Bootstrap uses an unordered list to mark up its tabbed navigation. The framework also uses the ARIA roles tablist and tab correctly.

<ul id="myTab" class="nav nav-tabs" role="tablist">
    <li class="active">
        <a href="#home" role="tab" data-toggle="tab">Home</a>
    </li>
    <li>
        <a href="#profile" role="tab" data-toggle="tab">Profile</a>
    </li>
    <li>
        <a href="#articles" role="tab" data-toggle="tab">Articles</a>
    </li>
</ul>

Those roles override the usual list and list element type and expose this HTML snippet to represent a tab list. We should take this one step further than Bootstrap. Here’s the HTML for the panels, within which we’ll add the correct ARIA roles:

<div id="myTabContent" class="tab-content">
    <div class="tab-pane fade in active" id="home" role="tabpanel">
        <p>Welcome!</p>
    </div>
    <div class="tab-pane fade" id="profile" role="tabpanel">
        <p>My profile.</p>
    </div>
    <div class="tab-pane fade" id="articles" role="tabpanel">
        <p>My articles.</p>
    </div>
</div>

Note: Please ignore class names like active and tab-pane; they belong to Bootstrap and are for presentational purposes only.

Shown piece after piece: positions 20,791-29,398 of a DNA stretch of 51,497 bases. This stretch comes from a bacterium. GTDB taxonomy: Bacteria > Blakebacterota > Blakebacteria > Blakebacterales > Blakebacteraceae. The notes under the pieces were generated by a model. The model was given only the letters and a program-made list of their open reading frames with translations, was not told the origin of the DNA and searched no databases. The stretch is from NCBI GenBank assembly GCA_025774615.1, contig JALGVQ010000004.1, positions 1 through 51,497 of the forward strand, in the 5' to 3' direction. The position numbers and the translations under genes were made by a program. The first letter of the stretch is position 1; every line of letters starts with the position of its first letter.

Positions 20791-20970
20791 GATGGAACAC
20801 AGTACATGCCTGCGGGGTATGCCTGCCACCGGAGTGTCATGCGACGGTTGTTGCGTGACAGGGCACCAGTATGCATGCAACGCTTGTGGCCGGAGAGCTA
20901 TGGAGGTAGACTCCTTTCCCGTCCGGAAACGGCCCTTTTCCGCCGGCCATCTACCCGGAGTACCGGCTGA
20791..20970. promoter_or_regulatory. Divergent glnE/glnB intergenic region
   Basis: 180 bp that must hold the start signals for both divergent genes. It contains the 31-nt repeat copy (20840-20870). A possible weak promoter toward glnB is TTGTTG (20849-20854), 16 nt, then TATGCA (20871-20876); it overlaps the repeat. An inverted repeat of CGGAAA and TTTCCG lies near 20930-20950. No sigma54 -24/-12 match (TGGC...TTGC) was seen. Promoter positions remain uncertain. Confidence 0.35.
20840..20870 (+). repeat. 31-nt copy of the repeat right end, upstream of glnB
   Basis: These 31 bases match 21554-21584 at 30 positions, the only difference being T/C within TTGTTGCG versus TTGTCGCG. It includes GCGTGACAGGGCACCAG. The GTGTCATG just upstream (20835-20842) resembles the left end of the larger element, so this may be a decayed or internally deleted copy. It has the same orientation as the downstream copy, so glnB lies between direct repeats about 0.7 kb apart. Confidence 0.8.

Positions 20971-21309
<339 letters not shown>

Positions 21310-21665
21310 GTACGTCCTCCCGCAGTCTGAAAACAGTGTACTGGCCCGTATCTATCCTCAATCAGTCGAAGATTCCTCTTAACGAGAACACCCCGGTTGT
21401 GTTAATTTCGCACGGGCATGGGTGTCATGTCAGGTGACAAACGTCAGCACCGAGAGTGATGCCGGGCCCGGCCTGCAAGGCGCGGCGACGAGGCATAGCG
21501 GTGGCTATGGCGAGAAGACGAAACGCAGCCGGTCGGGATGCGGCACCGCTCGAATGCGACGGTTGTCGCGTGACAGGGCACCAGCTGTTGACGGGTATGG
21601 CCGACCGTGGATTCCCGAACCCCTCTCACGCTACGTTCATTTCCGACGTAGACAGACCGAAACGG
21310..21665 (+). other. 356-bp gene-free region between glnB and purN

Roles help set a solid foundation, but that is not the whole story.

2. States and Properties

ARIA states and properties offer the user further information on how to interact with a particular widget. This is all about revealing the relationships and states of our application to users on keyboards and screen readers. Mercifully, the W3C provides us some detailed WAI-ARIA best practices to follow.

So far, we have a tab list and a number of panels. However, the connection between them only exists because Bootstrap’s JavaScript ties them together. In other words, there is no inherent relationship. ARIA comes to the rescue with the aria-controls and aria-labelledby properties.

The aria-controls property is used to associate a control with the region it controls. The aria-labelledby property is used to indicate the element that works as a label for the element.

Here is the improved markup for the tab:

<li class="active">
    <a id="tab1" href="#home" role="tab" aria-controls="home" data-toggle="tab">Home</a>
</li>

And here is the new markup for an individual panel:

<div class="tab-pane fade in active" id="home" role="tabpanel" aria-labelledby="tab1">
    <p>Welcome!</p>
</div>

Note how these elements are connected by using the value of the respective id attributes.